Grammy nominated for a song on their first album, Mercury Prize winners with their second album, at this point surely no one still thinks that Wolf Alice is the name of the London band’s lead singer. As they release their third, Ellie Rowsell, Joel Amey, Joff Oddie and Theo Ellis are about to hit festival headliner status (pandemic permitting) when they top the bill alongside Bastille and The Chemical Brothers at the 35,000-capacity Latitude weekender in Suffolk late next month.
With the new songs on display here, they’ve earned it. Previously a pick ‘n’ mix act – a bit of angry grunge here, some shoegazing blurriness there, bouncy indie pop elsewhere, with Rowsell singing in a range of vocal styles – it was hard to get a firm grasp on who they were. Now, while the sound still has a broad scope, from the punk wallop of Play the Greatest Hits to the barely plucked guitar and wispy melody of No Hard Feelings, there’s a take-it-or-leave-it confidence to every song. It’s clear they know exactly what they’re doing.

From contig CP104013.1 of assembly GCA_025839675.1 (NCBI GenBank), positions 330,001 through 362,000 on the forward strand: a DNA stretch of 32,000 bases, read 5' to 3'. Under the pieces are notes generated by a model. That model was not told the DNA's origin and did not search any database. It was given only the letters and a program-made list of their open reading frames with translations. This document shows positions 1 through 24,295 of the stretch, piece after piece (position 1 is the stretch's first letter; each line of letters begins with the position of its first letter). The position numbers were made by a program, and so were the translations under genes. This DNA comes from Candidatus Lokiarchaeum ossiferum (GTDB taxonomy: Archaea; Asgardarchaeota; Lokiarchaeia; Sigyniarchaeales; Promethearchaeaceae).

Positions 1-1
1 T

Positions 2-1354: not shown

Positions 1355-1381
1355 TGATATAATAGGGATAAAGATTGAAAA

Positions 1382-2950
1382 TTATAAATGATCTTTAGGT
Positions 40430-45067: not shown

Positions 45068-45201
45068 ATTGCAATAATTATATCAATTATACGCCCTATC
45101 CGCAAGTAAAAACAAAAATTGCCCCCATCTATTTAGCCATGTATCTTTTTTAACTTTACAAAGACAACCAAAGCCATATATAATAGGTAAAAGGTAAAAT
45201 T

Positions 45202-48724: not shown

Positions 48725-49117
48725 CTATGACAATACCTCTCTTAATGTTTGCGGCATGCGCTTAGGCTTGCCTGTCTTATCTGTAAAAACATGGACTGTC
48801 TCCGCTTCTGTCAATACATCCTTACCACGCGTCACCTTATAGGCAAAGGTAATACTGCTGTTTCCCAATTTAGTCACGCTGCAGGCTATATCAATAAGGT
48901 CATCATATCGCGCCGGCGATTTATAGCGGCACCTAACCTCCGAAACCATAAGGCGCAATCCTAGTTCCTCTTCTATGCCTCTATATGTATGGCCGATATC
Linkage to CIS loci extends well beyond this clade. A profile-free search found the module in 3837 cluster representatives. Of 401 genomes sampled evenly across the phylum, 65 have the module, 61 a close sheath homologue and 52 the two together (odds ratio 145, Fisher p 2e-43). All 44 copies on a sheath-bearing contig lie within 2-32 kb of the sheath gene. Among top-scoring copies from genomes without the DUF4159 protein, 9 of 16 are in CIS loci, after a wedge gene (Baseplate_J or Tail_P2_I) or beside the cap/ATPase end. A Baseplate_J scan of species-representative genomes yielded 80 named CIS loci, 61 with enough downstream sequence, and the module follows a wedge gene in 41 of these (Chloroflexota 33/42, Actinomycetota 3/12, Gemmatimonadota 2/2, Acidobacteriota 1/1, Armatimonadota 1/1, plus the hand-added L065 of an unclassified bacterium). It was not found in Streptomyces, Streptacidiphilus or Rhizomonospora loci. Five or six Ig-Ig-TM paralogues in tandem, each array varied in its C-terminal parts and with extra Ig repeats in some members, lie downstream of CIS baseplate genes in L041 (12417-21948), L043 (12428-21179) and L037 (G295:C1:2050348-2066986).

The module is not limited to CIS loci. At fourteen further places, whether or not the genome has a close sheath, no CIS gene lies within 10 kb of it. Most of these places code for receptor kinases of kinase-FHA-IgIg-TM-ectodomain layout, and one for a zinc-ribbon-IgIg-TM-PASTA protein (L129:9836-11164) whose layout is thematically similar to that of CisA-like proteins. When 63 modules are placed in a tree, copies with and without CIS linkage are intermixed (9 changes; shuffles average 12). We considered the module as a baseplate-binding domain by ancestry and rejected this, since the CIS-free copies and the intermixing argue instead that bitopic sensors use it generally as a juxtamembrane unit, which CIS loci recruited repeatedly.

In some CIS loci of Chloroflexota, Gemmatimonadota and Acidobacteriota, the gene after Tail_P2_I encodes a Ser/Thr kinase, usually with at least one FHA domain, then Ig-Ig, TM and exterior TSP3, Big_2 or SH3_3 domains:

Once a relentless touring machine, last year they were locked down in Brussels with big name producer Markus Dravs, who has previously helped to give Arcade Fire’s The Suburbs, Coldplay’s Viva la Vida and Florence + the Machine’s How Big, How Blue, How Beautiful their widescreen sounds. That gave them more time to work on the details of these 11 songs. Where once the fuzziness of their productions suggested both Nineties indie rock nostalgia and perhaps that they were hiding behind the noise, now the massed vocals at the climax of Delicious Things sound grandiose, a bold army on the battlements. Rowsell sounds so unimpeachably fiery on Smile that the band even get away with straying dangerously close to rap-rock: “I am what I am and I’m good at it/And you don’t like me, well that isn’t fucking relevant,” she spits.
The band also manage crystalline country harmonies on Safe From Heartbreak (If I Never Fall in Love) and a slinky, nocturnal ode to, erm, self-love on Feeling Myself. There’s plenty to dig into, especially on The Last Man on Earth, which embarks on a journey from wistful piano chords to an immense finale tailor-made for festival fireworks. It’s obvious they have no intention of backtracking on their ascent towards becoming one of the UK’s biggest bands.